When I get busy building in Second Life, I don’t think about much else. Like blogging. Sometimes eating. I’ve been known to dream about building. If you’ve been following my SL microblog (here) you’ve probably seen that I’ve been building a gasoline station. Well, its done and here’s the back story.
My brother, CC Columbo (in SL), tried to convince me to start a garden shop when we moved into Bay City. He bought a lovely shop structure and even helped with the landscaping. It didn’t take. For some reason the idea was met with apathy so he came up with something he wanted, a good Irish pub. However, while I was mucking about with avoidance, someone built a neighborhood pub not a block away (SLurl). Plan B was required.
And Plan B was a hotel! CC worked on this himself, actually, and had a rather clever one going. He then started working on several variations and was generally having a good time. In the meantime, he pushed Plan C, a filling station/convenience store. He asked me to make the garage for him and often hovered over my Real Life shoulder to point out features he wanted.
Really, I think that Plan B was a ruse since he’s wanted a filling station for at least a month (see here). Afterall, our eldest RL brother owns a repair garage, our middle brother used to manage a filling station, and about once a month I don my personalized coveralls (Name tag: Juggs) or garage shirt and earn a bit of extra cash cleaning up the eldest brother’s garage (not ashamed to admit I get paid more if I loosen up a couple buttons during hot weather so the boys kick in a few extra bucks).
CC gave this picture to me to use as inspiration, but with the shape of the lot we had, swapping the design end-for-end was required. He also gave me several pictures of other Sinclair Stations from the period on which Bay City is based (roughly, the 50s-60s).
|Come to CC’s Pouloco Station in Bay City – Dennis (SLurl).
And this is what I came up with … a bit more modern and with a different brand. I pegged the design as a rehabilitated structure in the mid-1960s so I could mix in some of the newer-appearing convenience store machines I found in-world and on the SL Marketplace. Until the day the whole thing was installed it was still going to be a Sinclair station, with my partner Angela Seale working on some retro-chic gas pumps based on some Sinclair units I found on the Web. It always nagged me, however, about using a prominent brand name so with that and on the advice of others, I came up with a new brand, Pouloco (Nothing Runs Like A Chicken, Cross the Road with Pouloco, and Put a Chicken in Your Tank), for the Poultry Oil Company, and changed all the Sinclair graphics I had already uploaded. Then I had to shift the whole build several meters in two directions because I had totally mismeasured and hadn’t noticed for several weeks.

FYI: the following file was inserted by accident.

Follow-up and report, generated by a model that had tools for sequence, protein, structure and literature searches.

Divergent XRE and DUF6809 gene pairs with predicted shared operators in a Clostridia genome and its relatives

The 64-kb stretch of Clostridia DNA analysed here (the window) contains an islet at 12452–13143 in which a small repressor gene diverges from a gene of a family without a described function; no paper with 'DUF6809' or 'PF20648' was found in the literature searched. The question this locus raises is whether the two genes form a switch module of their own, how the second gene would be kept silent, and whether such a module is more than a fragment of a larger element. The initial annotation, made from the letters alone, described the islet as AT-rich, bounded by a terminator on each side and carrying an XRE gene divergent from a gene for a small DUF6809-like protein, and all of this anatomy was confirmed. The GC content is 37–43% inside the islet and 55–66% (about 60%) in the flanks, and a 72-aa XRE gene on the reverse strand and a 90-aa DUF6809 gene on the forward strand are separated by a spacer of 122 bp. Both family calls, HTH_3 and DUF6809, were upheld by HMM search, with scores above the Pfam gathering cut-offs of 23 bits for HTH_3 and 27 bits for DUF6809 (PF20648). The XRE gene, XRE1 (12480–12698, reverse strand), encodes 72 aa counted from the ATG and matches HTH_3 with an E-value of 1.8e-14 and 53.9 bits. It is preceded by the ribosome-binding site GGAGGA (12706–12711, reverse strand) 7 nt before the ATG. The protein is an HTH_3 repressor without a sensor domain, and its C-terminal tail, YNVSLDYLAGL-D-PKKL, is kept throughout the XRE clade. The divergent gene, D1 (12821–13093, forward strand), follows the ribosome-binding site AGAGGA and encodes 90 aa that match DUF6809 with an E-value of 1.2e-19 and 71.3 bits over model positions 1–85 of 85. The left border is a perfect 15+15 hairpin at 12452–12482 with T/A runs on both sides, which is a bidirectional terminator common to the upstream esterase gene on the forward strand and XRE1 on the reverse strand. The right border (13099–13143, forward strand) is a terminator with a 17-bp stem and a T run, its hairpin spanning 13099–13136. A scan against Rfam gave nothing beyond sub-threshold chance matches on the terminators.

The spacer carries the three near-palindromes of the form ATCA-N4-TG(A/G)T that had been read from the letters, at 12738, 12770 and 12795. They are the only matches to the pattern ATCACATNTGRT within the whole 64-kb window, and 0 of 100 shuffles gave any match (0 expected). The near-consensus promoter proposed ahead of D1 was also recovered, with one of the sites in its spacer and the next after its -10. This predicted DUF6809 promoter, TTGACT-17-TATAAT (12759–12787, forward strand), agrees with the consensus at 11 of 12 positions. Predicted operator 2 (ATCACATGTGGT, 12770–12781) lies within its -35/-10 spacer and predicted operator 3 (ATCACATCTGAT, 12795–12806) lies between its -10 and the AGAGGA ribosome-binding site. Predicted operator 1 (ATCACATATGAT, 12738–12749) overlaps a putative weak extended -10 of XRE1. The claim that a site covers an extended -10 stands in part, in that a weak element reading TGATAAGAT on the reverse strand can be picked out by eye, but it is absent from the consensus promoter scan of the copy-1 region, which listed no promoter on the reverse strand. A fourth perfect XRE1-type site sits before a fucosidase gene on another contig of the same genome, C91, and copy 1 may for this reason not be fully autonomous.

The pumps you see are temporary as Angela is still finalizing the permanent ones. She’ll sell non-branded versions to help cover her expenses and to pay for all the rent CC has to be charging her for to leave her car at the pumps since Day One. By they way, Marianne McCann
found some nice garage coveralls (and has a great pic of the garage here
) so Ange, me, and CC can all dress alike now. I might work on little name patches sometime.
I created a number of custom pieces and graphics, mostly signs, and will sell some of them inside the convenience store portion of the build. Mostly, though, this build was a labor or love. I balked at the job at first as it seemed like I was back in school. CC was an RL teacher and I had his classes for years (pretty much grades 8 through 12) so it was almost like he was giving me homework. But I enjoyed the challenge as it had been a while since I had built something on this scale. And if it is true that “the devil is in the details” then this build is sin-on-a-prim because I had a great time tweaking and sweating and tweaking some more on almost ever detail, even after the garage opened.
Sure the soda and Slurpee machines are a bit modern, but they are fabulously detailed and I make L$1 from each sale. Hot dogs from the more retro unit are also L$1 each, but you get a custom-made, animated frankfurter in a bun. Popcorn is free despite the L$5 sign. Either I have to find a way to erase that sign or find a way to charge for the stuff. CC bought the L$300 cash register but the decorations and machines in this room set me back about L$1000 … hopefully I sell a lot of sodas and dogs. CC also bought a really, really nice set of fixtures for the restroom. Much better than the stuff I made and adapted.
I had also made some sculpted garage bay equipment such as a lift, tool boxes, shelves, and more. Then I found everything I had made but in mesh from a shop that that wasn’t charging much at all. Fewer prims and much, much better looking? I had to drop the bucks on that stuff. Now I need to get up some girly pictures, slop down some oil and dirt, and take pix to my eldest brother for a critique.
|CC made a lovely headstone honoring his real life daughter and Angela left some beautiful lilies.
Saving prims is always a good idea, especially as Angela and I still have our home on the lot, right behind the privacy wall (like there is any real privacy in SL). And CC had me build a cemetery (Web
) in the roadside corner.
Of course, I still want more prims. Sometime I’ll look at the house and the garage to see what can be trimmed. I found an animated mole in a hole I’d like to put in the yard and the shop needs more signs. Still, though, the Pouloco property really has a great feel. I’m as pleased with it as anything I’ve built in Second Life to date.